Boundary-Layer Meteorology

, Volume 161, Issue 3, pp 417–437 | Cite as

Modelling Canopy Flows over Complex Terrain

  • Eleanor R. Grant
  • Andrew N. Ross
  • Barry A. Gardiner
Research Article


Recent studies of flow over forested hills have been motivated by a number of important applications including understanding CO\(_2\) and other gaseous fluxes over forests in complex terrain, predicting wind damage to trees, and modelling wind energy potential at forested sites. Current modelling studies have focussed almost exclusively on highly idealized, and usually fully forested, hills. Here, we present model results for a site on the Isle of Arran, Scotland with complex terrain and heterogeneous forest canopy. The model uses an explicit representation of the canopy and a 1.5-order turbulence closure for flow within and above the canopy. The validity of the closure scheme is assessed using turbulence data from a field experiment before comparing predictions of the full model with field observations. For near-neutral stability, the results compare well with the observations, showing that such a relatively simple canopy model can accurately reproduce the flow patterns observed over complex terrain and realistic, variable forest cover, while at the same time remaining computationally feasible for real case studies. The model allows closer examination of the flow separation observed over complex forested terrain. Comparisons with model simulations using a roughness length parametrization show significant differences, particularly with respect to flow separation, highlighting the need to explicitly model the forest canopy if detailed predictions of near-surface flow around forests are required.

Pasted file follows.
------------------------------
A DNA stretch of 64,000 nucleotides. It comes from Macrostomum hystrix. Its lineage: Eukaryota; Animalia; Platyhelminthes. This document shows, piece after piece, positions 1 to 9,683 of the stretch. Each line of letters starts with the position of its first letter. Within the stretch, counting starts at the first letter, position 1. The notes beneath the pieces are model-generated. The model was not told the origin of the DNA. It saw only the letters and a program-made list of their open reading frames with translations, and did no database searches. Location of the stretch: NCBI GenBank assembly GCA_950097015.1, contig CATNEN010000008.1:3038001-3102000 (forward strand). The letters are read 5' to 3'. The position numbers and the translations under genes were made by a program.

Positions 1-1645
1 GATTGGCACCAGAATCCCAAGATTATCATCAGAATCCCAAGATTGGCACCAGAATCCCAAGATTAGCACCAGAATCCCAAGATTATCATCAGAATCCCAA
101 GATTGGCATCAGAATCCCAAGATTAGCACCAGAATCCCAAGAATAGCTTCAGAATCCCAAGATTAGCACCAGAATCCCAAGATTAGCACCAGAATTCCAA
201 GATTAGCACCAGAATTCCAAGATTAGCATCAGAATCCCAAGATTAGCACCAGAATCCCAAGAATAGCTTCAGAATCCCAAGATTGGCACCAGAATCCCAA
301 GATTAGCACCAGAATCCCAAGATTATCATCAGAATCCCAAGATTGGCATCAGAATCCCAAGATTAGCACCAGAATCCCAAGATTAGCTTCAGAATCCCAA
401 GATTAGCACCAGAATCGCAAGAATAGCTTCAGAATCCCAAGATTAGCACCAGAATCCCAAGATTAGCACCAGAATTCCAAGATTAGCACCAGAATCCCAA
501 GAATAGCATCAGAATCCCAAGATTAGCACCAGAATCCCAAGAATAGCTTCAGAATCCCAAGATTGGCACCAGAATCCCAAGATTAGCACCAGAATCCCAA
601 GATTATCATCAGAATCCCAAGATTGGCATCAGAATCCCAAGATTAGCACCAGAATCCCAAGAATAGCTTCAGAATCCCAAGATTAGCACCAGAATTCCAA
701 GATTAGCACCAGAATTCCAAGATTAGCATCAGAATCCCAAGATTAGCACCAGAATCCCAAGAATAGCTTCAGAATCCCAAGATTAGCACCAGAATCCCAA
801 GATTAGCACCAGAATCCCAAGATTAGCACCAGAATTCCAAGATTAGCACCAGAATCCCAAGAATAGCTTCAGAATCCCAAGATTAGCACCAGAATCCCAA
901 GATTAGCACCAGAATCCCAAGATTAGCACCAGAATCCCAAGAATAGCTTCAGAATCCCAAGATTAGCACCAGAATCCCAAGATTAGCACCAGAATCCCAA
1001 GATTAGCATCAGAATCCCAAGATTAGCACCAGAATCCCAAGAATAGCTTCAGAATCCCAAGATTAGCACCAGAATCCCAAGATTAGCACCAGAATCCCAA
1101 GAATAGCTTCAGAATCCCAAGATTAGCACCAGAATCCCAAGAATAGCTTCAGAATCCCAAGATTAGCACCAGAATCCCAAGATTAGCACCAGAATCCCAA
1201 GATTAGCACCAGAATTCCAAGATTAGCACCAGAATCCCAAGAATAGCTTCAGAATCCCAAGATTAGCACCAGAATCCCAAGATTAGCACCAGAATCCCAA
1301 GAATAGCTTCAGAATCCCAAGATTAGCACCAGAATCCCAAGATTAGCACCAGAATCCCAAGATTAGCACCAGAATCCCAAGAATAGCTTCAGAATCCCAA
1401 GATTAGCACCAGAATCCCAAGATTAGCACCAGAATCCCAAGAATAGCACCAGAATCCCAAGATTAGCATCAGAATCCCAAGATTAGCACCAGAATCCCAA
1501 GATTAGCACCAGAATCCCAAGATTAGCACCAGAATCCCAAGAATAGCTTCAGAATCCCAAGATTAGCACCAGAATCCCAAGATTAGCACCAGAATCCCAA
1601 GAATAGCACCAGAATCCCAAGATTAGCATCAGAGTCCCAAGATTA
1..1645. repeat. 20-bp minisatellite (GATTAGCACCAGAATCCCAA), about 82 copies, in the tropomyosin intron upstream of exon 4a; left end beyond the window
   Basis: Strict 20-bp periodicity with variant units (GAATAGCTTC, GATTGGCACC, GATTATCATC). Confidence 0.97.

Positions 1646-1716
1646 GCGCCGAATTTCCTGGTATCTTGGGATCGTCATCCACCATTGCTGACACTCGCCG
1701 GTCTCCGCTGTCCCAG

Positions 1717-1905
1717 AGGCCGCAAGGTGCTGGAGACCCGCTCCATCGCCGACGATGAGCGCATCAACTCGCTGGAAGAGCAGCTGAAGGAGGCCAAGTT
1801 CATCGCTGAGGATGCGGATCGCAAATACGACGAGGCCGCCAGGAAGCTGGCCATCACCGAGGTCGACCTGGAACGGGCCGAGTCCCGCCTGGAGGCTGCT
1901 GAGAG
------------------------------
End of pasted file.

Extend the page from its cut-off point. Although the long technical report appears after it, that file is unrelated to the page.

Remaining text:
Complex terrain First-order mixing-length closure Flow separation Forest canopy Numerical modelling 



This work was funded by Natural Environment Research Council (NERC) grant NE/C003691/1. E.R.G. would like to acknowledge additional support through a NERC Collaborative Award in Science and Engineering (CASE) with Forest Research.


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Copyright information

© Springer Science+Business Media Dordrecht 2016

Authors and Affiliations

  1. 1.Institute for Climate and Atmospheric Science, School of Earth and EnvironmentUniversity of LeedsLeedsUK
  2. 2.British Antarctic SurveyCambridgeUK
  3. 3.Forest ResearchMidlothianScotland
  4. 4.INRA, UMR 1391 ISPA, 33140 Villenave D’Ornon and Bordeaux Sciences Agro, UMR 1391 ISPAGradignanFrance

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